USFS bills power company $38 million for starting Las Conchas Fire

Las Conchas fire
Las Conchas Fire, 7-14-2011. Photo by Andrew Ashcraft, Granite Mountain Hotshots.

The U.S. Forest Service has sent a $38 million bill to the electric cooperative that operated the power line that started the Las Conchas Fire in June, 2011. The blaze burned 156,000 acres and 63 structures in the Jemez Mountains west of Los Alamos, New Mexico near the Valles Caldera National Preserve.

An interagency investigative team led by New Mexico State Forestry determined that the fire was caused by a fallen tree that caught fire after coming into contact with nearby power lines, according to New Mexico State Forester Tony Delfin.

In addition to the USFS, others seeking compensation from the Jemez Mountains Electric Cooperative include two pueblos, several insurance companies, and dozens of property owners. Some of the claims also name the USFS which granted the power company an easement for the power line.

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Author: Bill Gabbert

After working full time in wildland fire for 33 years, he continues to learn, and strives to be a Student of Fire.

3 thoughts on “USFS bills power company $38 million for starting Las Conchas Fire”

  1. I guess I am missing it, too

    After being in all risk all hazard world for the last 7 plus years and having AAR’s drilled into my head and have the same being done for 23 yrs in the military…….

    Proves to me the LMA world of SAIT’s and AAR’s are some how exempt from everyone else’s definition of what has bee defined.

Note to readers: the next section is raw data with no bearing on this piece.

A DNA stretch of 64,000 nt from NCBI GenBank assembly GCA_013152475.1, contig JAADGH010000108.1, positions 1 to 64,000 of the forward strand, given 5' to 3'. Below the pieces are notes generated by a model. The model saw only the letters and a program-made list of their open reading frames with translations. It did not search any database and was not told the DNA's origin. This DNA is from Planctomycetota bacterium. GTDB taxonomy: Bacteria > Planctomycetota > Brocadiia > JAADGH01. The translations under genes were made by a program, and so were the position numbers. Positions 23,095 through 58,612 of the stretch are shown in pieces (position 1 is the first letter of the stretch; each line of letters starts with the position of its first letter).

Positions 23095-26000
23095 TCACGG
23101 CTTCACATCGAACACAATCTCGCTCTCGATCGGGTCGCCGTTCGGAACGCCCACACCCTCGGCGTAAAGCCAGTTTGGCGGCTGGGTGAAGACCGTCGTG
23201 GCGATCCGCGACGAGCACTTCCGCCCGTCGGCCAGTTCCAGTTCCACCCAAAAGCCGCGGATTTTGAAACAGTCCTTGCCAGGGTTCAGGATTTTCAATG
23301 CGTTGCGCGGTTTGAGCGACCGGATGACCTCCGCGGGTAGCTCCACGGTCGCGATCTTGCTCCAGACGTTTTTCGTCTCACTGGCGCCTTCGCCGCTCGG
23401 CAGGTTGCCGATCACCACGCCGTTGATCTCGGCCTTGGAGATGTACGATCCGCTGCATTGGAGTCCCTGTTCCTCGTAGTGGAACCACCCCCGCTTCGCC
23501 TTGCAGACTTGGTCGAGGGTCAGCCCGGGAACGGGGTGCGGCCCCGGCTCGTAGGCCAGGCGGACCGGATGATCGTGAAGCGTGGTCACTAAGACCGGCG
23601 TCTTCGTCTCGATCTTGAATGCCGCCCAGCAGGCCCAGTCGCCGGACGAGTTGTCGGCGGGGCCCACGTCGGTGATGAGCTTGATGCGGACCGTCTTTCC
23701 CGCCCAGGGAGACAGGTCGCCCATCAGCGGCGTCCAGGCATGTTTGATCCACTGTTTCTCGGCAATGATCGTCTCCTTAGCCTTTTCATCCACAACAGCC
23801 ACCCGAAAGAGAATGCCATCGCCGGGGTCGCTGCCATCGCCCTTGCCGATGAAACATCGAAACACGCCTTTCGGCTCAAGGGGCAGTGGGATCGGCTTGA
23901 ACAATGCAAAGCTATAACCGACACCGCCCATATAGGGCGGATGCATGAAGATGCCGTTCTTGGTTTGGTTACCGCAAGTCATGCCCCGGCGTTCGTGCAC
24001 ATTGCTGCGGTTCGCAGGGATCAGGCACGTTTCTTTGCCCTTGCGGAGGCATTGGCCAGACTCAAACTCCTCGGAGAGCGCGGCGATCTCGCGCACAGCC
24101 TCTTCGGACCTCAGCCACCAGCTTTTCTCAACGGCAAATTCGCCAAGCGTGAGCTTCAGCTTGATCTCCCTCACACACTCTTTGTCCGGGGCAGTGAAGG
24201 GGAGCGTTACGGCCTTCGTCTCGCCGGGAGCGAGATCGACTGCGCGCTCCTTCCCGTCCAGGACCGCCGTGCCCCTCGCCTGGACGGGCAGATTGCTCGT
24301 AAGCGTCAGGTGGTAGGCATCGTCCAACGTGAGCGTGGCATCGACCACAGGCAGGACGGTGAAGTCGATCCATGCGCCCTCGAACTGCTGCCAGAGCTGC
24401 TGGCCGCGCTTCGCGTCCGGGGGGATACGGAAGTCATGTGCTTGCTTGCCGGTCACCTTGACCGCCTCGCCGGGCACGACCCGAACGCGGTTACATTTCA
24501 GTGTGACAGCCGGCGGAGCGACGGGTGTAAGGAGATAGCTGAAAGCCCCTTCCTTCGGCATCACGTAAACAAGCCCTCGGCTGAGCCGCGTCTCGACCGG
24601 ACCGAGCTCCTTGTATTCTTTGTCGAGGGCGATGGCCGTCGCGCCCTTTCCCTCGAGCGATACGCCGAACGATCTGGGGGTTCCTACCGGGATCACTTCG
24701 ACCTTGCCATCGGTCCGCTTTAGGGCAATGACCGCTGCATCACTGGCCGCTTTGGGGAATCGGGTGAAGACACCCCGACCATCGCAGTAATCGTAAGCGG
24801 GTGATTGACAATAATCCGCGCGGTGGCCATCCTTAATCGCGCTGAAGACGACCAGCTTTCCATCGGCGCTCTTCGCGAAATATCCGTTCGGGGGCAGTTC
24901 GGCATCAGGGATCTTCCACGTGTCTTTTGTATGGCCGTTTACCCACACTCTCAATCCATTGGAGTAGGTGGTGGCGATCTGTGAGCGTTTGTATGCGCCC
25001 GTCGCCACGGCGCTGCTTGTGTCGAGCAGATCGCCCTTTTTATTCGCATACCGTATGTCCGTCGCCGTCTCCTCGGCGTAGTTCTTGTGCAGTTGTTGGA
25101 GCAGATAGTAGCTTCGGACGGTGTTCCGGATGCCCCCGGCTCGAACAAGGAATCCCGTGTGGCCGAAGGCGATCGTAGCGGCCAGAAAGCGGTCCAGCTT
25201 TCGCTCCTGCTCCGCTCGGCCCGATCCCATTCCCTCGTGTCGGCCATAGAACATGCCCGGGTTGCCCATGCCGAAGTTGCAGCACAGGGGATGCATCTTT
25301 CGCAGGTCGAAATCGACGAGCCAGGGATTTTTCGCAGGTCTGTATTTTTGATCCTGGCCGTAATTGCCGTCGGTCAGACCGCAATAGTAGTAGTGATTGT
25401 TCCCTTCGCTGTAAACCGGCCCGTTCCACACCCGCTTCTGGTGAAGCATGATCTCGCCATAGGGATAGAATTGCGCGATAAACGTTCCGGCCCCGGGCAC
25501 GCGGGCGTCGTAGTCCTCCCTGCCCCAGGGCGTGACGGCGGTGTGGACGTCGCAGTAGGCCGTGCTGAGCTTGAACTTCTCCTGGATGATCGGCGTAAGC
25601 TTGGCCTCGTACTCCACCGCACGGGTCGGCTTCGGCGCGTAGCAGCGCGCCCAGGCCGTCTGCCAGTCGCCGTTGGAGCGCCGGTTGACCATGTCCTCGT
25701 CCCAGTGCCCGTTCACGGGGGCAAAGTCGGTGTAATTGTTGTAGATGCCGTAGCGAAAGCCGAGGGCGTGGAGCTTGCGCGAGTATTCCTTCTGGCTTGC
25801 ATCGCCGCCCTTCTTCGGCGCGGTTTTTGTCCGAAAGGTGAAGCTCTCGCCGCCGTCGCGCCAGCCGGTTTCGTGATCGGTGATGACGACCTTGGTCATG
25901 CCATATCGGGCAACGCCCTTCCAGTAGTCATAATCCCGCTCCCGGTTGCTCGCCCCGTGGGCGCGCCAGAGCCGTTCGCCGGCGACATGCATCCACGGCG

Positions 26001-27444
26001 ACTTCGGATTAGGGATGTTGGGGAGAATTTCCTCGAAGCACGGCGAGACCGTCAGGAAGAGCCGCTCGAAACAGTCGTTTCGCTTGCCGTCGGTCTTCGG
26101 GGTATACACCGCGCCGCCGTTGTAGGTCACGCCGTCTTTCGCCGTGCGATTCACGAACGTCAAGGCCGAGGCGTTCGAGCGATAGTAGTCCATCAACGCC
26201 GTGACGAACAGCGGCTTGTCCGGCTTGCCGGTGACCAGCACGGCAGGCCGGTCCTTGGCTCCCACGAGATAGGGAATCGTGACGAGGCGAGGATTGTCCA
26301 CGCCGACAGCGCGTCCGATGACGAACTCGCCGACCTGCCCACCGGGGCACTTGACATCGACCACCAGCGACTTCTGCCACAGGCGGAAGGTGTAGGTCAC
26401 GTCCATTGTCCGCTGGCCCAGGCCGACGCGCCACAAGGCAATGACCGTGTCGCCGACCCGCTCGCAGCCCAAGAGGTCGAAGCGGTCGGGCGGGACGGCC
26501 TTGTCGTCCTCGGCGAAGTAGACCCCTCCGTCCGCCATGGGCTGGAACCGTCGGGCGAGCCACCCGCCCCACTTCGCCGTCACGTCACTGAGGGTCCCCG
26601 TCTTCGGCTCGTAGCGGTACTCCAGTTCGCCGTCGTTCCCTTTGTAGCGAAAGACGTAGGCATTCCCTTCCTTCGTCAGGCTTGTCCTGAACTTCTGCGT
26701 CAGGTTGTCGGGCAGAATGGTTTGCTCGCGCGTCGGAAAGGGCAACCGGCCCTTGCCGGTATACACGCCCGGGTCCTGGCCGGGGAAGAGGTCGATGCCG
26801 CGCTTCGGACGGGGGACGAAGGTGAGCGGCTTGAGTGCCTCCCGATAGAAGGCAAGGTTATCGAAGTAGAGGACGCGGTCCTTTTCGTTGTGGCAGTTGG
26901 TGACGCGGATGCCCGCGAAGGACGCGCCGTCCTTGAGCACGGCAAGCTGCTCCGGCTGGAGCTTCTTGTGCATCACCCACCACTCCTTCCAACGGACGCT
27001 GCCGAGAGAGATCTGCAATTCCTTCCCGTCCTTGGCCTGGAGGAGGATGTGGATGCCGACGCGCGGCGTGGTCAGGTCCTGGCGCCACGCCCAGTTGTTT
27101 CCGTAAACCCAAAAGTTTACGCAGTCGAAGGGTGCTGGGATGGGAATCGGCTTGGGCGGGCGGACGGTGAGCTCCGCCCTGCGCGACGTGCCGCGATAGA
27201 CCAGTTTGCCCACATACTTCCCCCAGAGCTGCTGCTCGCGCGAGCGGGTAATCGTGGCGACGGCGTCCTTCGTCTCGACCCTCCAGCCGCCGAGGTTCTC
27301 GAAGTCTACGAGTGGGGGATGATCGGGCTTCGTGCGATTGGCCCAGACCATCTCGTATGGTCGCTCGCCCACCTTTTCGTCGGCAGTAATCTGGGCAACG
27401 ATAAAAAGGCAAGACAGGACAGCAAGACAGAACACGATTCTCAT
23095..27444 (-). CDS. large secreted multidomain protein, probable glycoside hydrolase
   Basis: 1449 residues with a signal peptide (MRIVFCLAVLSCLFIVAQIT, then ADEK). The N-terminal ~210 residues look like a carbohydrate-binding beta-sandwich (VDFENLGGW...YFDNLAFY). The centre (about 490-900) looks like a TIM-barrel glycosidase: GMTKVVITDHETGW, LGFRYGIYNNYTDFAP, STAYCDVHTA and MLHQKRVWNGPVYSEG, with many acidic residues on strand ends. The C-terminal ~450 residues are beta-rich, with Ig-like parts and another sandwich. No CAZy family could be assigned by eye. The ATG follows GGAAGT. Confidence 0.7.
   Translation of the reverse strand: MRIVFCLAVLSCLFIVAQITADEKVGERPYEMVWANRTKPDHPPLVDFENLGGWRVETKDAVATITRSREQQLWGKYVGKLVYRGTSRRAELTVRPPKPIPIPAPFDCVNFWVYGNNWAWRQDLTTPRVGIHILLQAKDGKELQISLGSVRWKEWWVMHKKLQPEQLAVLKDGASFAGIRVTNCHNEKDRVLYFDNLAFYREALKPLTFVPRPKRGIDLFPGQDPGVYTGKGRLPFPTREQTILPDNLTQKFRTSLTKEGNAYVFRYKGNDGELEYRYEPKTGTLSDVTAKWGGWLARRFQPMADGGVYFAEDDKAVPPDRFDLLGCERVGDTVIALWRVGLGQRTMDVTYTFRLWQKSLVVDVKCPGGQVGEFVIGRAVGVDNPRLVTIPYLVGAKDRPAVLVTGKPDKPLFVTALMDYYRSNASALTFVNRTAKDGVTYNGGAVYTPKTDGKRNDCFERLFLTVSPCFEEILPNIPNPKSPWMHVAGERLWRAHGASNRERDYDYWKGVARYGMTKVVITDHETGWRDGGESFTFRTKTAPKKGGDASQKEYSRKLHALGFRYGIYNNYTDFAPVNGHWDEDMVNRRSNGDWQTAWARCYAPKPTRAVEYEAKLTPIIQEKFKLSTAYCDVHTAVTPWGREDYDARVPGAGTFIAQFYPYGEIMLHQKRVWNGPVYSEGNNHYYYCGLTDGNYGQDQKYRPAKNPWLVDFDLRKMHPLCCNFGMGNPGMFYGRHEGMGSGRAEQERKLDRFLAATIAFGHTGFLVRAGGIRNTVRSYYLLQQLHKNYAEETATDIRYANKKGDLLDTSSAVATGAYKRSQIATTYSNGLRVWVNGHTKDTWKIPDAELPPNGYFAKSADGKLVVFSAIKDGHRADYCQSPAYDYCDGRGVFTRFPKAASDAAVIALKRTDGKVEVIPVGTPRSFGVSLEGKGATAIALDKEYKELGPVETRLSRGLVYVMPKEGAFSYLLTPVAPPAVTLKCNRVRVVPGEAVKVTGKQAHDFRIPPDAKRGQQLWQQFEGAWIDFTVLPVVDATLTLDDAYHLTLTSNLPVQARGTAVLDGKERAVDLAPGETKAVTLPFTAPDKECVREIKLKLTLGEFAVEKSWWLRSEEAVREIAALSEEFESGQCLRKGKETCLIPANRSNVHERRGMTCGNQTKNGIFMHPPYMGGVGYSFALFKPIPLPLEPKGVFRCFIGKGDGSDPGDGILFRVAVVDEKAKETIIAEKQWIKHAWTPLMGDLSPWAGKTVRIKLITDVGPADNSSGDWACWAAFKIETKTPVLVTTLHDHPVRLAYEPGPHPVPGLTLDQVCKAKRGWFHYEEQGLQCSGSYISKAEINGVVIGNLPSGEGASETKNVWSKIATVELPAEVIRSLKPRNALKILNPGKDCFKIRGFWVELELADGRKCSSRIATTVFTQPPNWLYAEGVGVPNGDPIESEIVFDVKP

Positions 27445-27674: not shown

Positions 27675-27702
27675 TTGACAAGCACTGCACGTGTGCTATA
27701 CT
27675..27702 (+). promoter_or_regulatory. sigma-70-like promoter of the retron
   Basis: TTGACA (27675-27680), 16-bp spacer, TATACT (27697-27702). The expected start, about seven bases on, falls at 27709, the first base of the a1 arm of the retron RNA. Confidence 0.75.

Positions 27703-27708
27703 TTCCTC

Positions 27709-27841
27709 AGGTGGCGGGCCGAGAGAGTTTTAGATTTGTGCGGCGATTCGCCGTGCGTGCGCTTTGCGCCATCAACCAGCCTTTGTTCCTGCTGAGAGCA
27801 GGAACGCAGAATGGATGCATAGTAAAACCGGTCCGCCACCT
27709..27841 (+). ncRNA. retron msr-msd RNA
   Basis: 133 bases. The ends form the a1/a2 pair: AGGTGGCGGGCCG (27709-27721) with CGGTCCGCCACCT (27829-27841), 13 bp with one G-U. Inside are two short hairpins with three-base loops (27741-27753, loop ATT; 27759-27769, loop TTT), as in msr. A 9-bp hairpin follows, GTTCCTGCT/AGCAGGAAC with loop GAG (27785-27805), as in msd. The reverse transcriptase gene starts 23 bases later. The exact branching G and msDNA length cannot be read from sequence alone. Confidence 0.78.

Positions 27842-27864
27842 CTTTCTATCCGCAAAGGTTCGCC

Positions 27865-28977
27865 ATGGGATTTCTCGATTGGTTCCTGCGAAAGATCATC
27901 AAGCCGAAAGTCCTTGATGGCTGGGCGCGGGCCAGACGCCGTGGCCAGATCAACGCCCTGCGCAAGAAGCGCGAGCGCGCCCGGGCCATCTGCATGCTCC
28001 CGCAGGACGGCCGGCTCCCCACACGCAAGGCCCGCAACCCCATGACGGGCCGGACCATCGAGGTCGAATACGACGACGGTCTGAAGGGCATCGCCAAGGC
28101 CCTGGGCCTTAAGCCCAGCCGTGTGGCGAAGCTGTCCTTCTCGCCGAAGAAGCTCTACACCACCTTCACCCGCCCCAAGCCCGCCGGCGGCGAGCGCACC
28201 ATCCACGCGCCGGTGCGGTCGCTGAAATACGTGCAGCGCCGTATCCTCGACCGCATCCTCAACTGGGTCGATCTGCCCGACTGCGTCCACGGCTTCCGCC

Fully agree with Gordie………

    1. It is the reponsibility of the permit holder to insure that their use of the forest will not be predisposed to wildfire starts amongst many others. It is almost negligent for a company to obviously disregard the multitude of snags that will fall onto their powerline. Sure it takes money which a small co-op may not have but is it ok for such company to have such a devastating wildfire a result of their inaction? Some states have laws regarding veg removal along powerlines and subject power poles, conditions that are widely known to have started fires. Does the permit user have no responsibility to prevent catastrophes?

  2. Huh. I guess I’m missing the picture. A tree falls and the property user is billed for the damage?

    The guidelines for SAIT is to create that fixes no blame, it somehow seems to me one of these actions (or both) creates a precedent.


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